In the last part of this 3-part series, we’ll offer you five tips to help you hire someone to build your HR department.
1. Write a Great Job Description
Check out local HR job postings on Glassdoor and Indeed to see how other people described the role and then customize it to what you need. Make sure you talk about your company culture, what your office environment is like and what the day-to-day might be like. For example, if your team is small and extroverted with an open floor plan, put it in the description. If your business is more conservative with closed office doors, write that in the description.
A great section to include is “What our Ideal Candidate Looks Like.” This is a short paragraph with the ideal qualifications, background and personality traits of the right candidate.
2. Post it in the Right Places
You should make sure that your open role is posted in the right places. Indeed is still top dog for any U.S.-based job, plus it’s free, so posting your job on Indeed is a great place to start.
Use unpaid social media platforms like Twitter and encourage your employees to send referrals.Request a Demo
You might also check local job boards, like those on Craigslist. LinkedIn is a great resource for posting jobs, but only if you’re willing to spend $250 or more per month and the job is located in a major city. To post on LinkedIn, you will have to select a city/ zip code where the job posting will appear, so remote jobs often get lost in the shuffle and don’t receive any traffic at all.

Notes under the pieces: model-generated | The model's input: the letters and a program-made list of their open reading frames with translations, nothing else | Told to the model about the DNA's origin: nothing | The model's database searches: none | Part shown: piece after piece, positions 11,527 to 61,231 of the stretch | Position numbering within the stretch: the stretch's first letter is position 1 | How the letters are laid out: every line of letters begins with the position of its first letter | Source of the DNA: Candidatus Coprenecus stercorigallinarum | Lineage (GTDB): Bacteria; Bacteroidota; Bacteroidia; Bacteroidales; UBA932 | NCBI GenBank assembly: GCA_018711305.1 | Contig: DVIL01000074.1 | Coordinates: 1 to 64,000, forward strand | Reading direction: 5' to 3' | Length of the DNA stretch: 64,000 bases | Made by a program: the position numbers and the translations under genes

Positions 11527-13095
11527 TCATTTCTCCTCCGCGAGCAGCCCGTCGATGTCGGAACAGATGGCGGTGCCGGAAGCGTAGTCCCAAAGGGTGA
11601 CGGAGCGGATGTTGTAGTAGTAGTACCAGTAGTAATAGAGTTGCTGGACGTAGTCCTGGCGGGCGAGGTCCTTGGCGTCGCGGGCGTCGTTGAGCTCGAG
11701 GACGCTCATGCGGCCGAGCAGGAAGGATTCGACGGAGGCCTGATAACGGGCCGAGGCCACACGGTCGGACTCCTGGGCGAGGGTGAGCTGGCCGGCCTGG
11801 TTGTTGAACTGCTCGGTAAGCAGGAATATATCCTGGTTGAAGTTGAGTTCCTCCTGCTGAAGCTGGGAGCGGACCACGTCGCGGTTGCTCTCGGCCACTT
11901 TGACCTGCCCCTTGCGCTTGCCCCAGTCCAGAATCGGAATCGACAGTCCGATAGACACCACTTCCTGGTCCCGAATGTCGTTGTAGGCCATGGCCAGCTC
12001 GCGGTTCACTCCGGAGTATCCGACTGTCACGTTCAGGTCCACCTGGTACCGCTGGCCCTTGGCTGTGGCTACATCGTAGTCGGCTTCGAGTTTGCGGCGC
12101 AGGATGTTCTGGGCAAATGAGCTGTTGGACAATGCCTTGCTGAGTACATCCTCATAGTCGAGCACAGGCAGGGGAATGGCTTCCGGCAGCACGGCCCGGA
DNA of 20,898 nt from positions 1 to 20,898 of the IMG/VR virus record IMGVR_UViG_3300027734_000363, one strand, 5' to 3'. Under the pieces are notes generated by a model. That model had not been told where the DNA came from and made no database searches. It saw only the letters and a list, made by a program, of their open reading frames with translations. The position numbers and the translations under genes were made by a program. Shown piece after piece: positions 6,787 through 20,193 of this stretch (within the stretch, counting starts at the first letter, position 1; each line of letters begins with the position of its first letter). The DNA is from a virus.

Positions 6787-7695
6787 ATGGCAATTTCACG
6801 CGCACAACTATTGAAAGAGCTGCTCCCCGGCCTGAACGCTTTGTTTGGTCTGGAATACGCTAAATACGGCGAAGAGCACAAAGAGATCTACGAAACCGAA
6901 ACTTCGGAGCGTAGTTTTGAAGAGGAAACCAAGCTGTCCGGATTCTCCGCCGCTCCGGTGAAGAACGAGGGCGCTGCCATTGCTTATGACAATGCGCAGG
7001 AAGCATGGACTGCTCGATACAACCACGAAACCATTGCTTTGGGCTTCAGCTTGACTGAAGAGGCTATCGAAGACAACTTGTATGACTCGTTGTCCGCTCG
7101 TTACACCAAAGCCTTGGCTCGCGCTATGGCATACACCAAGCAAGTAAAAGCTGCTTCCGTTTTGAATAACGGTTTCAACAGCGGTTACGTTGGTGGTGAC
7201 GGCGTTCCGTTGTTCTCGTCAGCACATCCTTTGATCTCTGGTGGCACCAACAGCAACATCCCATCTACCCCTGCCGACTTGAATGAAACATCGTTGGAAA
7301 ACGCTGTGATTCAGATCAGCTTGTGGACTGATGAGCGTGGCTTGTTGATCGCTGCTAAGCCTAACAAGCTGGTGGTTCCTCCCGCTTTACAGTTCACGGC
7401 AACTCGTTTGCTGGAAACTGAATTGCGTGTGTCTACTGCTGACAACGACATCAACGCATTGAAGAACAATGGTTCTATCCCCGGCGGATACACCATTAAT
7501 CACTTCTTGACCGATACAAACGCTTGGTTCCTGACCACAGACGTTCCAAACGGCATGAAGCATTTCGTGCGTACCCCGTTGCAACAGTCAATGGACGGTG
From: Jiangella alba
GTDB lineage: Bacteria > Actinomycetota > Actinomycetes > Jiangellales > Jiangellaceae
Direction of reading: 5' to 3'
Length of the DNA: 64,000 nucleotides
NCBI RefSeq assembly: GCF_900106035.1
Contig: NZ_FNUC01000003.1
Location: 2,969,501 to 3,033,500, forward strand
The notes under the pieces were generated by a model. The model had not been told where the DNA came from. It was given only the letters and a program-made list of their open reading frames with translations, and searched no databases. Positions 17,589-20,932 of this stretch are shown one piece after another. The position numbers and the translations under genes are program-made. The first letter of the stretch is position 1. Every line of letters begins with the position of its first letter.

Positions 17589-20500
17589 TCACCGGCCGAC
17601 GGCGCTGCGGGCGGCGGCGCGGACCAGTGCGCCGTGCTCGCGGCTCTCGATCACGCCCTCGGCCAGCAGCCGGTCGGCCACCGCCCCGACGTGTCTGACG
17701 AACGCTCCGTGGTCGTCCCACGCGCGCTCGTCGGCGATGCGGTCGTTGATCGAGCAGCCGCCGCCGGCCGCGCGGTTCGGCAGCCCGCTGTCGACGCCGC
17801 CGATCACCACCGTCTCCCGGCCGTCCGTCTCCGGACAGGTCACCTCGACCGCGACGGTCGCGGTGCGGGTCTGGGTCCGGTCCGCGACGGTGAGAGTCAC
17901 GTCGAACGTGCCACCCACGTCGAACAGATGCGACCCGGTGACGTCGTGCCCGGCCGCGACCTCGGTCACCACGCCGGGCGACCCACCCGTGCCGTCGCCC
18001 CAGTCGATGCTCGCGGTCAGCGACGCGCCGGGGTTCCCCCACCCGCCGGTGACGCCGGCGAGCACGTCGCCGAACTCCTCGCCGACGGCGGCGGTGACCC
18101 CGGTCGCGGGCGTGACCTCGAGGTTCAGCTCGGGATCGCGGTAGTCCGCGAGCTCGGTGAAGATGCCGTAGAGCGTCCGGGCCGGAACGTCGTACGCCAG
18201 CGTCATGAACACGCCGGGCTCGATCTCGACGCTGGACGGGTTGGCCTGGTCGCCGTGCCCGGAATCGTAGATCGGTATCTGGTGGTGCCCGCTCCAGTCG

You should also use unpaid social media platforms like Twitter and encourage your employees to send referrals. You could even add an employee incentive like a bonus for referring a candidate who is later hired.
3. Review the Applications/Resumes
Once you have a pile of resumes, you’ll need to sift through them. Look at the resumes and set aside the ones that match about 70 percent of your needs for the role. These resumes should also check the normal boxes like good grammar, spelling and a professional tone.
4. Phone Screen your Candidates
Once you have a list of top candidates, you’ll need to schedule them for a phone screen. Develop a reusable email template that you can send to candidates to get the information you need to schedule a phone interview, like their availability.
Then think of the 5-10 questions that you absolutely want all of the candidates to answer. This way you can then compare them apples to apples after all of the phone screens are done. The phone screen is also the chance to ask about any red flags on a candidate’s resume, like a large employment gap.
The phone screen is your chance to ask about any red flags on a candidate’s resume.
You can either create a spreadsheet where you keep interview notes, or you can work with a recruitment software like Greenhouse and track the candidate’s progress through the interview pipeline and keep shareable notes.
5. Interview Top Candidates in Person
Once the phone screens are done, pick your top 3-5 candidates to invite for in-person interviews. Decide who on your team should interview them, how much time they each should spend with the candidate and what you want to figure out in the in-person interview. Create a list of questions or agree on a set of questions for each interviewer to ask the candidates. This will help you and other interviews to have a more constructive discussion about the candidates by comparing them equally based on their answers.
6. Make an Offer (and have a backup plan)
Remember that candidates can always say no. Have a backup candidate in mind and continue interviewing. Until someone has signed on the dotted line, keep recruiting!